oanne Lyons is a Saskatoon video and installation artist. Childhood memories often inform Lyons’ art; she began a recent series on “lightness” by playing with a video of her five-year-old self chasing a butterfly. Lyons had watched the video with her family many times. “It came to me one day that it would be a good way to symbolize that feeling [of “buoyancy]. When I was copying the film to video and it started degenerating — that breaking apart…with spaces between everything…created an openness and airiness.”.
Lauren uses clay as a primary medium, making objects and temporal installations about mourning and loss. The environments she creates convert ordinary spaces into sober, quieted places. Responding to the site, she often utilize non-traditional lighting, such as handmade light cords to subvert the gallery and create quieted sober spaces. Adding materials and textures reflects her curiosity in decrepit spaces such as abandoned buildings. Objects she creates come from personal encounters while sifting through the remains of a building’s inhabitants.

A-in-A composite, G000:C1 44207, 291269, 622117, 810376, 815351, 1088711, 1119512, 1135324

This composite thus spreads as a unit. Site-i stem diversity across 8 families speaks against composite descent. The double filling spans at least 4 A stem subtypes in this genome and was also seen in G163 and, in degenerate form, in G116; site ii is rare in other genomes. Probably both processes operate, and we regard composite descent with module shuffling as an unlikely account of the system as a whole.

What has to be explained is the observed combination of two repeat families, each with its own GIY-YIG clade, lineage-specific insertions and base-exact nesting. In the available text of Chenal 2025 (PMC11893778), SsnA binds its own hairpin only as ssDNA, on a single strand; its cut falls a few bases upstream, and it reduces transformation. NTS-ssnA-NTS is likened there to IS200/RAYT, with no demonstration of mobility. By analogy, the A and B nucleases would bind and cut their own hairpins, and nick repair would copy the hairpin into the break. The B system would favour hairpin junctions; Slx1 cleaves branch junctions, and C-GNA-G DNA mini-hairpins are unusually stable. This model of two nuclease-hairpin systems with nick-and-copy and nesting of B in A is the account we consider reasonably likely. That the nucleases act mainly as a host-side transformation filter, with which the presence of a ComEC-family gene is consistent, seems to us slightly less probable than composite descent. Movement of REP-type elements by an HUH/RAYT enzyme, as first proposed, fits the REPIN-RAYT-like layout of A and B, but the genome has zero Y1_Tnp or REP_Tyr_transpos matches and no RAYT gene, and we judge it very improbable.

“This has got to be one of the trippiest light installations we’ve ever come across. Isotopes v.2, by Nonotak Studio, is currently on view at the Mapping Festival in Geneva. The catalyst for the project is the now famous city of Fukushima in Japan. Back in 2011, Fukushima’s nuclear power plant suffered major damage after a 9.0 earthquake and a subsequent tsunami hit Japan. Fukushima’s residents were evacuated from the city as radiation levels skyrocketed. Officials deemed the disaster a level 7, the highest level of seriousness for a nuclear incident. This light installation brings that tragedy back to the forefront in a jarring and thought-provoking way. “Isotopes is an open space which can also be perceived as a prison,” they explain. “At first, the slow and hypnotizing moving lights attracts the visitor into the heart of it. Then, the rhythm and the intensity become continually more aggressive until it generates immaterial barriers: it’s easy to get in but neigh impossible to get out. This echoes the way humans approach nuclear power. First seduced, then addicted by its comfortable energy, humans have become trapped in an unstable situation. The rhythm of the lights and the sounds bring back the connection between the Japanese and their awareness of radioactive omnipresence. Sometimes you can forget it, like the glow of a night light, but sometimes the conscience gains the upper hand, and fear comes back with loss of ground reference. Through the metamorphoses of its appearance, this installation leaves the visitor between what once existed and what didn’t, drawing them into the spectrum of their own volatile emotions.”